Critical forehand surfing in a wave pool… and beyond
Surf Coach Cahill Bell-Warren shares expert advice about how to improve your forehand surfing. This article is part of our partnership with the Surf Better Now group and Surfing Victoria…
The Rumble At The Ranch WSL event was such a long overdue reminder of what CT level surfing looks like; high end elite performances.
What separates the worlds best and the mere mortals? It isn’t simply equipment, or strength. It’s not decades of experience either… Caroline Marks is only 18 years old.
There are a few key points of separation, but one that was highlighted by the small field at the Ranch was the unwavering commitment to the most critical section of the wave, anything less was unacceptable. The best surfers always target the most critical section, getting their board above the lip where possible.
This critical approach is rewarded by the judging panel also, with any work done out of the pocket crucified in score lines.
Core surfers understand this, immediately seeing through the facade of ‘pretend’ critical surfing. Don’t think you can see the difference? Do let out a ‘whooooaaaahh’ groan from deep in their soul when someone lets rip with true intent? If so, then yeah, you get it.
We recently delivered you an extended breakdown on Tightening the Backhand at URBNSURF, so this post will focus specifically on the Forehand.
From this point on this blog includes screenshots from the Critical Forehand Surfing VLOG available in both Natural and Goofy versions in the Member section of the website. The VLOG features Cahill Bell-Warren breaking down the elements of Critical Forehand Surfing, using developing juniors alongside Xavier Huxtable as a comparison. If you are not yet a member you can sign up here sign up here.
As highlighted in Tightening the Backhand; What is the critical area of the wave?
This is the pocket, lip line, or close to the breaking part of the wave. This is the fastest moving, most risky part of the wave, it is also the most rewarding area to turn in for both personal sensation and speed outcomes on exit.
In the below image.
Green = The critical section.
Orange = The shoulder.
Red = The open face.
Put simply, a surfer can’t be doing tight or critical surfing on the forehand if they are out on the face or on the shoulder. These critical areas should be targeted with a committed bottom turn starting close to, or behind the whitewater. With the close proximity of the wall on takeoff not allowing a surfer to drive from behind the opening section, to perform a tight and critical manoeuvre at the start of a ride Wave Entry at URBNSURF is everything.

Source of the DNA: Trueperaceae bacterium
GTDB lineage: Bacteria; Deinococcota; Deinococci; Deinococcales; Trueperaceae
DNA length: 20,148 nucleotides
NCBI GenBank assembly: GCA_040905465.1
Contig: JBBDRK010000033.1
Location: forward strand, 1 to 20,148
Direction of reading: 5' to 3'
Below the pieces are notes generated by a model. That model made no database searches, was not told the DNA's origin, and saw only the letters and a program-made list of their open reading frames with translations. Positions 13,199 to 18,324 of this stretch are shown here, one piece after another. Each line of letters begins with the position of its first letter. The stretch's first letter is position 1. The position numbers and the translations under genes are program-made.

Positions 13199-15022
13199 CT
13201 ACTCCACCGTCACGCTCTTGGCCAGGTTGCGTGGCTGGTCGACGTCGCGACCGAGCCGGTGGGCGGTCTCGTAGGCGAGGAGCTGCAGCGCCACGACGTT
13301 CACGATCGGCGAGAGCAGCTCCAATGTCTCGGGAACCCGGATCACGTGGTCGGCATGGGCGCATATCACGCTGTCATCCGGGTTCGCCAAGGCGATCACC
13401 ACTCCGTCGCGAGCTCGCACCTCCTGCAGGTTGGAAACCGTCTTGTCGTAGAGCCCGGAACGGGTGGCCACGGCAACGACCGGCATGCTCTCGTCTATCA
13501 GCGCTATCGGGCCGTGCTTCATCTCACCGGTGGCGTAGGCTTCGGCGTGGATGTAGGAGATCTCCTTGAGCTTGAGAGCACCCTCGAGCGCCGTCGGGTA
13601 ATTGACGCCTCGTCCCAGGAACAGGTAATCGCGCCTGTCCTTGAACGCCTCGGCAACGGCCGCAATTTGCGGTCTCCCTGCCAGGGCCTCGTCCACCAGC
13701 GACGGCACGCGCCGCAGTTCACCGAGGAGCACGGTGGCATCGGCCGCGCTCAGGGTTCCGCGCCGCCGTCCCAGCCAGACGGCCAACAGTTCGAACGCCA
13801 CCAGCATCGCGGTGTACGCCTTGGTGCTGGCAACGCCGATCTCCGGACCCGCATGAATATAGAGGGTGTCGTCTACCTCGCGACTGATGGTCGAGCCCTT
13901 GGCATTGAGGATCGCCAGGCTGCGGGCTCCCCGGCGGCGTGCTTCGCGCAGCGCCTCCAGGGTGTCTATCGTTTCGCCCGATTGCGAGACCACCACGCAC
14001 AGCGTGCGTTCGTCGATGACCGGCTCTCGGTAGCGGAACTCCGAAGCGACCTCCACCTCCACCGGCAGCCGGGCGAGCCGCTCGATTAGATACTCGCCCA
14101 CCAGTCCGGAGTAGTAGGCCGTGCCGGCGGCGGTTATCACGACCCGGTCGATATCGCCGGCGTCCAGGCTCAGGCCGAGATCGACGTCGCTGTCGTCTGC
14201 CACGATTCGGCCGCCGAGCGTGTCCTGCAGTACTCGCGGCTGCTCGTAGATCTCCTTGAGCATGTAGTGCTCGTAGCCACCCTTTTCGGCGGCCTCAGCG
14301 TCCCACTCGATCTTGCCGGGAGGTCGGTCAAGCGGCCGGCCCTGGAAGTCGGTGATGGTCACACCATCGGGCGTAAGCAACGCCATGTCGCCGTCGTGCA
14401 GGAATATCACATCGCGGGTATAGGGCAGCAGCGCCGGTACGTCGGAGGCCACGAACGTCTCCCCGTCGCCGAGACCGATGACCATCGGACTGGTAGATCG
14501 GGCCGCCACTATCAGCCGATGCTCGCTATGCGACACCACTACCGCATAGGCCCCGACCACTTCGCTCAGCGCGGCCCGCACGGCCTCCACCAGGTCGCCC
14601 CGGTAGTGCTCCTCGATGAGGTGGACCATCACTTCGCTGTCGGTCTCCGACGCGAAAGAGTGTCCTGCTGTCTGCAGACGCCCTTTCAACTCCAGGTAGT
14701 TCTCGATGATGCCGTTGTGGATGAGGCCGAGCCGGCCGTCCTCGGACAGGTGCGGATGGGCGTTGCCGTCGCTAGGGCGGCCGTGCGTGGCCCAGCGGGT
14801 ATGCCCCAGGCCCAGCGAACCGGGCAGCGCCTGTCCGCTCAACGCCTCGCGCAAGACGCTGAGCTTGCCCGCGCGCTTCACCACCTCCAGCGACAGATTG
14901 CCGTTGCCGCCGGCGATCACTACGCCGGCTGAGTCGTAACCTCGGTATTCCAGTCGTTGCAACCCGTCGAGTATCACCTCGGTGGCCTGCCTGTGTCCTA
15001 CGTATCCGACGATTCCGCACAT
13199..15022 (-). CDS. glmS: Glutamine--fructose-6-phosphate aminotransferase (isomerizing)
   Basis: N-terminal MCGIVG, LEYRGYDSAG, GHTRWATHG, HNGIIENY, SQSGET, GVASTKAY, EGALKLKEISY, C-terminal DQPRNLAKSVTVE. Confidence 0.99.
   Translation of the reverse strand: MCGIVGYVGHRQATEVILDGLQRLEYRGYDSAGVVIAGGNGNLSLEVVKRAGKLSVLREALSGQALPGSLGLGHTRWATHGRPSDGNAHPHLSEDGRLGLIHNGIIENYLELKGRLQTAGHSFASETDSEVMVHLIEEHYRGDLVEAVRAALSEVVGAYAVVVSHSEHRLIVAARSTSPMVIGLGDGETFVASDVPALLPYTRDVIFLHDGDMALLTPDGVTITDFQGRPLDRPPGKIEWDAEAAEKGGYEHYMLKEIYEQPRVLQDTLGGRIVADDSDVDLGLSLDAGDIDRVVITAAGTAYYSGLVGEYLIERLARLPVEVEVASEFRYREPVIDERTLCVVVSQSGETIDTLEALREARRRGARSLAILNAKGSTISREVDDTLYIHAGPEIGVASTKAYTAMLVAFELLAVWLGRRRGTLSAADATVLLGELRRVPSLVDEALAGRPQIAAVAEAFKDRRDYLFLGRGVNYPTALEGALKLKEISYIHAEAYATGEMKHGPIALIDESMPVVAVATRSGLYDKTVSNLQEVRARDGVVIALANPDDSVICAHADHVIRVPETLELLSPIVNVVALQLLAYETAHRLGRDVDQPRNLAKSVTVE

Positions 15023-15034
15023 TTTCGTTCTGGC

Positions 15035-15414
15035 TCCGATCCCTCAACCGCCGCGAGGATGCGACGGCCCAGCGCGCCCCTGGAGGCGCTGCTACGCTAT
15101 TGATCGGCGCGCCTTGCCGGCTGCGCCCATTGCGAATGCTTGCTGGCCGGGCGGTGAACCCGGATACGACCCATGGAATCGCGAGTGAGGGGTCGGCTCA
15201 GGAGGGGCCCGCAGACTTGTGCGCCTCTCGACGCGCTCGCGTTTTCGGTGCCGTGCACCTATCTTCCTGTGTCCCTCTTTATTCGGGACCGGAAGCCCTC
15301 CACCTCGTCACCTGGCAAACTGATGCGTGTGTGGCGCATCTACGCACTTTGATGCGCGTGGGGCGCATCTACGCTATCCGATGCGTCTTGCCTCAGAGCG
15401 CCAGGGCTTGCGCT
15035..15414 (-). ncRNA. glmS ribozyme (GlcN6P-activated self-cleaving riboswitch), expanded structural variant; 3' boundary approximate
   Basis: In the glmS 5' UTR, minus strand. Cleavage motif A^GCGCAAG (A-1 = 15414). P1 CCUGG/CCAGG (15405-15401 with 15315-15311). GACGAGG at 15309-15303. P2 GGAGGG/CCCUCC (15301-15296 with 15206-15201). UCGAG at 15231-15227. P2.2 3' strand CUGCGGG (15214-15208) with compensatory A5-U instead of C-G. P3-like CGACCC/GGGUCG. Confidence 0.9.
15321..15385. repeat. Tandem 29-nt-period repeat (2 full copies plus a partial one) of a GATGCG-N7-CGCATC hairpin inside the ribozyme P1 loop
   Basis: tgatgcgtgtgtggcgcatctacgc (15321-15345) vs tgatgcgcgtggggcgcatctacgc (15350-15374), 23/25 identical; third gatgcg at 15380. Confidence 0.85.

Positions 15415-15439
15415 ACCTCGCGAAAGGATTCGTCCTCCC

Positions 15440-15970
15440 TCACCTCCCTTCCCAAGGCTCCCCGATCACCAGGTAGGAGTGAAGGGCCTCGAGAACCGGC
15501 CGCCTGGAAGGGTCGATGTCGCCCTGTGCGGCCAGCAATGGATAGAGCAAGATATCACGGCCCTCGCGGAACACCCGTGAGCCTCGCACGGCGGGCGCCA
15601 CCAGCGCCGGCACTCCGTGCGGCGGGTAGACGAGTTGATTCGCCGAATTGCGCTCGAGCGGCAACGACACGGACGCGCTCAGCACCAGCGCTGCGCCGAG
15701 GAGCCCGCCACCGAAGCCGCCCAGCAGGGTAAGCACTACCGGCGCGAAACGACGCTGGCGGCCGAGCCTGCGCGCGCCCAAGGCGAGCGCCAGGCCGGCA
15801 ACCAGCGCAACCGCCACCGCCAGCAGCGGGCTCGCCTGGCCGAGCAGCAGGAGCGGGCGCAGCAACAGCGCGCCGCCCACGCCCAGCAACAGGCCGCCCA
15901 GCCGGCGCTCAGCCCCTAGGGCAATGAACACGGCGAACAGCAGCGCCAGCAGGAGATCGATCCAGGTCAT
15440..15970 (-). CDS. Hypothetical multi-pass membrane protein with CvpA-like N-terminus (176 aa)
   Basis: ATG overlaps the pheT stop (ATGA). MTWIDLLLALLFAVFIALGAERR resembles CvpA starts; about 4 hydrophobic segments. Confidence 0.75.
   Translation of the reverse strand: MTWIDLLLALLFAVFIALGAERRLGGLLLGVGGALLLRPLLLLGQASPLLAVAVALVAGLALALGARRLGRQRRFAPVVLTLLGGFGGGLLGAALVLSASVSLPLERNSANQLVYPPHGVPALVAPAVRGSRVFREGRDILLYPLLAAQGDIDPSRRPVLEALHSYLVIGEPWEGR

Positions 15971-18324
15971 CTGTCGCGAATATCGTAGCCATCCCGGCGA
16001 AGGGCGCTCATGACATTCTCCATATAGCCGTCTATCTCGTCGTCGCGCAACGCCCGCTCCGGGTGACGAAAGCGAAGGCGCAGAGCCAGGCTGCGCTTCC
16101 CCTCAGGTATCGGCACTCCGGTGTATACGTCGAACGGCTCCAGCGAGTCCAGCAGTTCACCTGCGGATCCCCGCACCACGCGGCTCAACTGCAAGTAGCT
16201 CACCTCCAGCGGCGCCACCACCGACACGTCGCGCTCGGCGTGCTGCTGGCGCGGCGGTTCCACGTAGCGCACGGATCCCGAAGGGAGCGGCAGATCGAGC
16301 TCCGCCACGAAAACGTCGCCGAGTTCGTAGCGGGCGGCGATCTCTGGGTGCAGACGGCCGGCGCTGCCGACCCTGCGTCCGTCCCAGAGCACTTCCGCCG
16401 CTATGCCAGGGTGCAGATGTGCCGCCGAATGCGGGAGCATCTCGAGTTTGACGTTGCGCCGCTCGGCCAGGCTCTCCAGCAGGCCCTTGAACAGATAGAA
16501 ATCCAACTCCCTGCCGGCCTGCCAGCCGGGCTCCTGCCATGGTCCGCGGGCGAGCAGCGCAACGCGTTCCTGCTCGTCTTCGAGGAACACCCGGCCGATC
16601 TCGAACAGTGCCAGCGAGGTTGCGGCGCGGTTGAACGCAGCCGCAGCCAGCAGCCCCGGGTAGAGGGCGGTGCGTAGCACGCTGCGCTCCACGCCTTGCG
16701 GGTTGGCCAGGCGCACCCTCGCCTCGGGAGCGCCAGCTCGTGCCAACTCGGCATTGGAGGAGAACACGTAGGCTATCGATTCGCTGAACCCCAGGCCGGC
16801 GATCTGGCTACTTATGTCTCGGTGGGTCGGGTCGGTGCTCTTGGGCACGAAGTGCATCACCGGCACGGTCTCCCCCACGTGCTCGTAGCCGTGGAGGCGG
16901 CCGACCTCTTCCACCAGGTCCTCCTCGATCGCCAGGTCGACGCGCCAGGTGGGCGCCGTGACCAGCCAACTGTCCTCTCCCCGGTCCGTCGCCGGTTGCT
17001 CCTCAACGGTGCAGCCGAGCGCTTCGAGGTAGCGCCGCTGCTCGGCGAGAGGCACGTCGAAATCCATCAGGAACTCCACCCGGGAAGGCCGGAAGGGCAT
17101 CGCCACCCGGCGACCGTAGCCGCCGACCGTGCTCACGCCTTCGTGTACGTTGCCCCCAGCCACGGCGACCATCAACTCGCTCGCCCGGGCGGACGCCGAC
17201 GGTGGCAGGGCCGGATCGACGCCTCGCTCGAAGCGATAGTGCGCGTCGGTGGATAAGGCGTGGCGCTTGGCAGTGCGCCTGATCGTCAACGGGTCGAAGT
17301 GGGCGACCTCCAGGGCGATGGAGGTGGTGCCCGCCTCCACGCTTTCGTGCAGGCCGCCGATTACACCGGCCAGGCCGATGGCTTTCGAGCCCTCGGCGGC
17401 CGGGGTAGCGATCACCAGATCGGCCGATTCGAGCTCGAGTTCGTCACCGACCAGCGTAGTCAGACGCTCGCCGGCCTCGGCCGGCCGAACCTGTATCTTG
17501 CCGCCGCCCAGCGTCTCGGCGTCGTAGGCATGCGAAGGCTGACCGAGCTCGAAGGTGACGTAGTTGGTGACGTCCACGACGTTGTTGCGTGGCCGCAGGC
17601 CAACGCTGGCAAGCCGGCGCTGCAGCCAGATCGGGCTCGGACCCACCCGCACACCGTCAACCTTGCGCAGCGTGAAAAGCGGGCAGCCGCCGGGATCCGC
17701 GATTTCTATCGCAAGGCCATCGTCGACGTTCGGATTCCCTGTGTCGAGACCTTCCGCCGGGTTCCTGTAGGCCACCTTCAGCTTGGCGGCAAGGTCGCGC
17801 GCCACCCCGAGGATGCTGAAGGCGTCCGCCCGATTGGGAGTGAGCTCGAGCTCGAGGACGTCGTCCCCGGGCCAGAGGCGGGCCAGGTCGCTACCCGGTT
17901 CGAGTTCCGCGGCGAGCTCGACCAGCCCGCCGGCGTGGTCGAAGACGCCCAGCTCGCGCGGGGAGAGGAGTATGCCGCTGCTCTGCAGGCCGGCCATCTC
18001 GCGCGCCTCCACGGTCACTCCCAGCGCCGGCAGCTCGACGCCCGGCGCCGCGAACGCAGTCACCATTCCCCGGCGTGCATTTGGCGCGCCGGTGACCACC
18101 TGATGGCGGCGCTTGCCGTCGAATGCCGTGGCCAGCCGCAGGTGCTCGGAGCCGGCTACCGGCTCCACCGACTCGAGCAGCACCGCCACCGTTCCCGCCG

The Forehand Bottom Turn is the gatekeeper to critical forehand surfing, there is no escaping this. Committing to the key components of the bottom turn in unison will provide the surfer the best platform to target up into the critical section.
The key focus is where we look, is where we go. If a surfer isn’t looking to the critical section, they will not turn there.
The below comparisons are between developing junior surfers and Xavier Huxtable in a two turn combination. For Xav, this combination is a critical hip wrap into a vertical re-entry.
Turn one. Eyes to the open face in the bottom turn.
Turn 1 outcome = Cutback on the open face.
Turn 2. Eyes to the open face.
Turn 2 outcome. Lateral snap on the shoulder.
Intent to target the critical section is all in the eyes. In the next comparisons, the surfer is looking tighter to the critical area, the shoulder, and as a result the turns are of higher quality and commitment.
Turn one. Eyes to the shoulder in the bottom turn.
Turn 1 outcome = Carve on the shoulder.
Turn 2. Eyes to shoulder.
Turn 2 outcome. Board above lip Re-Entry.
So what does this all mean for me?
Committing to a quality bottom turn is one thing, but the most important factor in targeting the critical section is to look there. The eyes lead the way.
Both surfers in the comparisons with Xavier have the capability and skillset to perform quality hip carves and re-entrys, however their development and scoring capacity is limited by where on the face they are choosing to perform their manoeuvres.
This is all explained in a 9 minute video titled Critical Forehand Surfing VLOG, which is available in both Natural and Goofy versions in the Member section of the website. The VLOG features Cahill Bell-Warren breaking down the elements of Critical Forehand Surfing, using developing juniors alongside Xavier Huxtable as a comparison. If you are not yet a member you can sign up here sign up here.